Horse slaughter is a phrase that makes everyone uncomfortable. But in light of the recent media coverage of horse abuse and neglect, it is important to understand that much of this neglect directly stems from Congress passing a bill, H.R. 503, in 2007 that effectively shut down the three remaining slaughterhouses in the U.S. Each year, approximately 100,000 horses were humanely euthanized at these plants. Now, there are no federally regulated slaughterhouses for horses open in the U.S.

Presently, horses are sold for next to nothing at local stockyards and hauled to Canada or Mexico. One veterinarian likened the foreign slaughterhouses as "Auschwitz for horses." There are no regulations as to how these animals are slaughtered and the reports are horrendous. In '07 there were 44,000 horses shipped to Mexico, an increase of 312 percent from the previous year and 35,000 shipped to Canada, an increase of 41 percent.

No one wants to have to sell or euthanize a horse but oftentimes there are unwanted horses n too old, feeble or unusable. Simply put, there are just too many horses n currently 9.2 million in the U.S. Many horse owners don't fully realize or understand the financial commitment owning a horse takes. Now with escalating hay prices and the recent spike in gas prices, many folks are opting to sell, give away or just not feed their animals. Some are simply turning their horses out in the hills to fend for themselves.

We in the horse world saw this coming a few years back and fought hard to avoid passing the no-slaughter bill. The American Veterinary Medical Association in 2005 predicted that if this bill passed, we would only be doing a disservice to this animal we so dearly embrace. The AVMA opposes the horse slaughter ban, as does the American Quarter Horse Association, American Farm Bureau Federation, American Association of Equine Practitioners and the National Cattlemen's Beef Association, just to mention a few.

Now there is a companion bill in Congress, H.R. 6598, which will be on the table in January and proposes to cease the shipping, transporting, moving, delivery, receiving, possessing, purchasing, selling or donation of horses to be slaughtered for human consumption and for other purposes. This would cut off the current slaughter market to Mexico and Canada. Guaranteed, the welfare of the unwanted horses in the U.S. will only worsen. There will be more neglected horses, and the legislation doesn't address the funds needed for their long-term care if they cannot be slaughtered.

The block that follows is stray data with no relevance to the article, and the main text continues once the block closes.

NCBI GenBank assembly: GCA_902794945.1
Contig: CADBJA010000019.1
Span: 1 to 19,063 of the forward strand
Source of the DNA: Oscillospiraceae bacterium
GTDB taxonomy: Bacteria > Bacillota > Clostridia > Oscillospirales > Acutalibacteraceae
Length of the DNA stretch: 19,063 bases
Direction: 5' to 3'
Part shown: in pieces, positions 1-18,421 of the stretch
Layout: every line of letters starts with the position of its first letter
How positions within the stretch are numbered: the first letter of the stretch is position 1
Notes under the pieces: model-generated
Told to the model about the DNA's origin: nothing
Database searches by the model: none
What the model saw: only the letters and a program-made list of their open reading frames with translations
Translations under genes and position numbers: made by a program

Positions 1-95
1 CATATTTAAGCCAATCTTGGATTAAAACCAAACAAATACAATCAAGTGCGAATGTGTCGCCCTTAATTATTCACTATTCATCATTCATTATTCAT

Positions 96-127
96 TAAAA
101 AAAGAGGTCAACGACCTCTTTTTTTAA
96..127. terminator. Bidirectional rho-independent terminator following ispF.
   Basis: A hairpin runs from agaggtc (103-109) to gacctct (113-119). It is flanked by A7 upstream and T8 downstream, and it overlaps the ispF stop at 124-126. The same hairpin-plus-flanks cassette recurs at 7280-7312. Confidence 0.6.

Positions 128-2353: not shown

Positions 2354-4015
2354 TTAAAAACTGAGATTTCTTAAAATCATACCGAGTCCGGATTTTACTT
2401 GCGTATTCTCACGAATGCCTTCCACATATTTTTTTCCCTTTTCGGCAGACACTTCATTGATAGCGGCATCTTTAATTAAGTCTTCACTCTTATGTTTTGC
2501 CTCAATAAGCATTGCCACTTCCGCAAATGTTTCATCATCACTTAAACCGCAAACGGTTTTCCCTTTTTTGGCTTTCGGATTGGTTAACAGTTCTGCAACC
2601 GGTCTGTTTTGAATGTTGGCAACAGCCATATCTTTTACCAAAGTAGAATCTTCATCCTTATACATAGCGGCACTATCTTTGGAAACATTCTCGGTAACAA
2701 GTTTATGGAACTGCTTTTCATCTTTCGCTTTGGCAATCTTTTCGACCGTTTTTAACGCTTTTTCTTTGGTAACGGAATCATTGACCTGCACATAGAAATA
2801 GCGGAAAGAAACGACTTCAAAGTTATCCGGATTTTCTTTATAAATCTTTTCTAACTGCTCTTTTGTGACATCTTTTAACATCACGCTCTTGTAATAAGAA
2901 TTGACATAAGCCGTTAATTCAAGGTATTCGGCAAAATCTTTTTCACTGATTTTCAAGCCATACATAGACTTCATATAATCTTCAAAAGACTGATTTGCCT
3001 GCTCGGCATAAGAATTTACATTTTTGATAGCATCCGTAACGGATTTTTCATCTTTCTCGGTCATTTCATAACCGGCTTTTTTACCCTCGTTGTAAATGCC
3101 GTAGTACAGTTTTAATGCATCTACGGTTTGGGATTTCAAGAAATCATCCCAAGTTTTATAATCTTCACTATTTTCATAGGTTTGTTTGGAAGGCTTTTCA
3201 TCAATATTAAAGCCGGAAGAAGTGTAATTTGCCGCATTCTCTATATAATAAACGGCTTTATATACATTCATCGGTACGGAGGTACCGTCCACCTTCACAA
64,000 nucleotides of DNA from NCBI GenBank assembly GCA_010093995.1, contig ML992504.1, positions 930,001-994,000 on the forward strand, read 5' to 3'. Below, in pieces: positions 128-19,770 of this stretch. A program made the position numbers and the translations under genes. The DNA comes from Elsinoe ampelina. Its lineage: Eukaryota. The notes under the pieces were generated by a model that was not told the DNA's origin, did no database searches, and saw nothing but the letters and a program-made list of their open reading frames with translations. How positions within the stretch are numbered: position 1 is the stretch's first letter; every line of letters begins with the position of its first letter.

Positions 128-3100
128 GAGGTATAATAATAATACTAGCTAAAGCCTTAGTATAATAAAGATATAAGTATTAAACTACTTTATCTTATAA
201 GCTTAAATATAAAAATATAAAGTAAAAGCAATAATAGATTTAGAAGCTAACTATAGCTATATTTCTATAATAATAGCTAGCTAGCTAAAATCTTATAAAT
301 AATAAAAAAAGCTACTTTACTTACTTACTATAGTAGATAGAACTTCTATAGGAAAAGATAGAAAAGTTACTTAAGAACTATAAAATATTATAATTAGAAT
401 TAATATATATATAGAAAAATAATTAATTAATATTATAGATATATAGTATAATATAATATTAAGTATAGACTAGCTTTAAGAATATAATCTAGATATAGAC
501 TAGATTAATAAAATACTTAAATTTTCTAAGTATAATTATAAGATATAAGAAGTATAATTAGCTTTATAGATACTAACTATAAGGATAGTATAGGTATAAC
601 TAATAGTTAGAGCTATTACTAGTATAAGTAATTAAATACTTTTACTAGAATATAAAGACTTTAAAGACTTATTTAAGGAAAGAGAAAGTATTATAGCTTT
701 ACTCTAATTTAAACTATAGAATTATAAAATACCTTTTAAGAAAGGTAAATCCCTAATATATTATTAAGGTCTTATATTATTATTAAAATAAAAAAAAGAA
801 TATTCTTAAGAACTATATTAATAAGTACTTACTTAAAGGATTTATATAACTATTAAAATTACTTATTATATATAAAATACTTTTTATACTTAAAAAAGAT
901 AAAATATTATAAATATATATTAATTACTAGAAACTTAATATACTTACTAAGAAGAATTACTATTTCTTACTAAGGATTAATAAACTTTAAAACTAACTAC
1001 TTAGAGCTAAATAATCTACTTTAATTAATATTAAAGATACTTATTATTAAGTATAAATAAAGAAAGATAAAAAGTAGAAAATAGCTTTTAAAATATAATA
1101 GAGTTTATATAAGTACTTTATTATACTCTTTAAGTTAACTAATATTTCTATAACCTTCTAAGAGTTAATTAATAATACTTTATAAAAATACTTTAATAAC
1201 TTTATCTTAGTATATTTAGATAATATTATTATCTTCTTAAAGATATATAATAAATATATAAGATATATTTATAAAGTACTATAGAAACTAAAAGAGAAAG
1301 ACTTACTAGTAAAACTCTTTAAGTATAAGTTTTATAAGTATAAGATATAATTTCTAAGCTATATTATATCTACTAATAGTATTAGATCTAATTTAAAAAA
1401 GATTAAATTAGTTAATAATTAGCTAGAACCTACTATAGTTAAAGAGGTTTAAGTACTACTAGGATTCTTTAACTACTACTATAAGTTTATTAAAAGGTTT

The Humane Society is also pushing to change the legal status of horses from "livestock" to "companion" animals. Keep in mind that horses have been used for hundreds of years for work. Many people still rely on horses for their livelihood in ranching and agriculture. Do we change their title from "livestock" to "companion" like that of a dog or cat? If this classification changes to companion animal, this would have significant negative ramifications for the horse industry. The horse industry has a $112 billion impact on the U.S. economy, generates more than 1.4 million full-time jobs and pays $1.9 billion in taxes to all levels of government. A healthy horse market is important to our American economy and important to many of us here in the West who depend on the horse for income.

Action must be taken. The first thing would be to contact Montana Sens. Max Baucus and Jon Tester and Rep. Denny Rehberg. Let them know that we need them to oppose H.R. 6598 for the welfare of horses. E-mail the House Judiciary Committee members at"> and voice your opinion now.

Secondly, contact grass-roots organizations such as the United Horsemen's Front. Their goal is helping to "achieve humane and realistic solutions to the unwanted horse problem from the perspective of experienced horse people who have the best interest of the horse at heart." You can learn more at">

Thirdly, practice more conscientious breeding practices, offer help for neglected or abused animals, and own responsibly. Remember, owning a horse is a privilege.

The perfect world would be one in which no horses were slaughtered and no horses were neglected or abused. But with the ever increasing number of unwanted horses, we must keep the option of horse slaughter legal here in the U.S. where we can humanely manage the process.

Nancy Condit of Montana Mare and Foal LLC writes from Frenchtown.

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